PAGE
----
| May 7, 2013
Medicaid vs. religious freedom
You’re perhaps aware that the Oklahoma City-based retailer Hobby Lobby is challenging the HHS anti-conscience mandate, born of Obamacare, which forces employers to cover drugs — such as the “morning-after pill” and the “week-after pill” — that can end a new human life by preventing implantation of a fertilized egg. Lawyers for the Becket Fund, the law firm representing the Green family in Hobby Lobby v. Sebelius, say their clients “believe human life begins at the moment of conception, and believe these drugs can end life after that moment, a violation of their deeply held religious beliefs.”
In the wake of Obamacare, several Oklahomans, to their great credit, have stood up to defend religious freedom. Last year Allison Garrett, then the senior vice president for academic affairs at Oklahoma Christian University, told a congressional committee that it’s a violation of religious liberty to force employers “to cooperate in offering drugs or services that they believe are morally wrong.” Oklahoma’s senior United States Senator, Jim Inhofe, and state Attorney General Scott Pruitt have filed briefs backing Hobby Lobby’s challenge. Oklahoma Congressman James Lankford called the HHS mandate “a clear violation of the First Amendment right to religious freedom.” Oklahoma Speaker of the House T.W. Shannon is also pushing back against this sort of “religious intolerance.”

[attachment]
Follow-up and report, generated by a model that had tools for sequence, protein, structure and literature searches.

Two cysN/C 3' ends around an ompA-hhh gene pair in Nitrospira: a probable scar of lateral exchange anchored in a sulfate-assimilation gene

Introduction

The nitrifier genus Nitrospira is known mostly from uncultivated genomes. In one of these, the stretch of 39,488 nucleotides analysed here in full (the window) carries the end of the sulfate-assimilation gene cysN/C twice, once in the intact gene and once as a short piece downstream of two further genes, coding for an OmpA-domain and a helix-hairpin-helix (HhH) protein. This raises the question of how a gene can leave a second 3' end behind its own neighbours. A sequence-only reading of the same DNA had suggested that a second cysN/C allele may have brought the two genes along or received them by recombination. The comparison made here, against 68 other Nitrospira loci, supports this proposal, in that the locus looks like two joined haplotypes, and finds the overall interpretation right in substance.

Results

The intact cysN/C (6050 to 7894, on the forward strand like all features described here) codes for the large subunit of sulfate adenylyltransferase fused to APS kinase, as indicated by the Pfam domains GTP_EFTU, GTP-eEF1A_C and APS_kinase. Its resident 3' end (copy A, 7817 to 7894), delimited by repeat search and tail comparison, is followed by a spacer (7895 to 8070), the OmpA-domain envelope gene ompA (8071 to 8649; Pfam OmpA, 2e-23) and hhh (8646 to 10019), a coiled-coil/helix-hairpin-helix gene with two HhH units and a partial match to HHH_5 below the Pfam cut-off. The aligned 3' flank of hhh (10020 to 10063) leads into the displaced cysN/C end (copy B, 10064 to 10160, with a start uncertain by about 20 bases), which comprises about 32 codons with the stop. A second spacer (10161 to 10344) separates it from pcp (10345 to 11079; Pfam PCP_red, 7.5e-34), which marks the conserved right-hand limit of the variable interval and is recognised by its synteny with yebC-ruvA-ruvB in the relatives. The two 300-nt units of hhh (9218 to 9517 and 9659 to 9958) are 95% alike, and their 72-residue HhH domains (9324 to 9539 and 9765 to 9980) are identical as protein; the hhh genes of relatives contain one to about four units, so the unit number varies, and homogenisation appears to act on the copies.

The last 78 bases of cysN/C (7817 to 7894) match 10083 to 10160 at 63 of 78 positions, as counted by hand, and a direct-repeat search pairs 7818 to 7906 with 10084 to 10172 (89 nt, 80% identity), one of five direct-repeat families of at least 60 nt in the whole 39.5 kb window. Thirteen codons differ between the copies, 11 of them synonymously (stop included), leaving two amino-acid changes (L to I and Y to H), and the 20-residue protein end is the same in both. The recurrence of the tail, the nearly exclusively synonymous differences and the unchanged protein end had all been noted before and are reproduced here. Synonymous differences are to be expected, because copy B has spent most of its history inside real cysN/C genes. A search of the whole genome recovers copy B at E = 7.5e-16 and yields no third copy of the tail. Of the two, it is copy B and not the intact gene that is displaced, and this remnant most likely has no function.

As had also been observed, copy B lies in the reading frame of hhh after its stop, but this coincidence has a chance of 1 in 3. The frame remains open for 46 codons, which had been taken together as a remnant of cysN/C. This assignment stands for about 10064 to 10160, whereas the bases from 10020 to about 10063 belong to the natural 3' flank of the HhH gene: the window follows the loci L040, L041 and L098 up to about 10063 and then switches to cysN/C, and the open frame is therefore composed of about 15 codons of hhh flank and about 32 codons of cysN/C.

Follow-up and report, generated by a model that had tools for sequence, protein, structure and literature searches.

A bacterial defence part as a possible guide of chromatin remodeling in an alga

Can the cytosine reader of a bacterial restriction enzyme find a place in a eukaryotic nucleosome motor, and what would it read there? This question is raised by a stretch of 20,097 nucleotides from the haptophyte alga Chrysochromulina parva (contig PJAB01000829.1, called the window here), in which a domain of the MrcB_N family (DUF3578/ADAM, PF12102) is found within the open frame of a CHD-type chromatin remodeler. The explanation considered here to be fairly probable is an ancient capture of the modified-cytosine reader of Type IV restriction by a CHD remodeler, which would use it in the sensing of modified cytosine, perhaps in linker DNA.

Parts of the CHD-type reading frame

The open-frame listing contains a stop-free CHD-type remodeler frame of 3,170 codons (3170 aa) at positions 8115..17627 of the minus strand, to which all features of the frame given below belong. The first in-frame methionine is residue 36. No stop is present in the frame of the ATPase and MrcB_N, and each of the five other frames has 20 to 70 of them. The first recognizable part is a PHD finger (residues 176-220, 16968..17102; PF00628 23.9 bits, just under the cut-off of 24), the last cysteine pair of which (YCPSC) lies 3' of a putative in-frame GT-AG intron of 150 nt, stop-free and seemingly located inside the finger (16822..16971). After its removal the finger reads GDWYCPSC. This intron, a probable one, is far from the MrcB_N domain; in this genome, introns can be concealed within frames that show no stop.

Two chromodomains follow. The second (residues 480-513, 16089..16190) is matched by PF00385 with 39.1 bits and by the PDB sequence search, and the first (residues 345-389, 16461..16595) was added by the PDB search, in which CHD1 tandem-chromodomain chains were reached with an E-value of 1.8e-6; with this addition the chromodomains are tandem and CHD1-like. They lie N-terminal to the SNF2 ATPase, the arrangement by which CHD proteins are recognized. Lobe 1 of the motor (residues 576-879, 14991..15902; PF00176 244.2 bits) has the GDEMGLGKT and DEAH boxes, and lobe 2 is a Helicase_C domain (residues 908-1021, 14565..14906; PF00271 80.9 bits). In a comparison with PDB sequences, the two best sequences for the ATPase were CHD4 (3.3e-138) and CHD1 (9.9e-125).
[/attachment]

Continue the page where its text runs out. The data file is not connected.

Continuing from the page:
But quite apart from the Greens’ First Amendment right to religious freedom, consider for a moment the religious freedom of everyday taxpayers.
So called family-planning services — including the morning-after pill, the week-after pill, and much more — are a mandatory part of the state’s Medicaid program. They are available to Oklahomans as young as 17 — without parental consent. And they’re free; not even a modest fee or co-pay is allowed.
Now we realize that taxpayers frequently are forced to fund things (whether it’s Planned Parenthood or B-2 bombers) that they find morally objectionable. And we realize that state policymakers have no control over the federal Medicaid requirements. But it seems to us that the political leaders in one of the most pro-life, pro-religious-freedom, pro-parental-rights states in the nation should not expand a program which provides drugs that can end human lives, thus violating the deeply held beliefs of so many Oklahomans.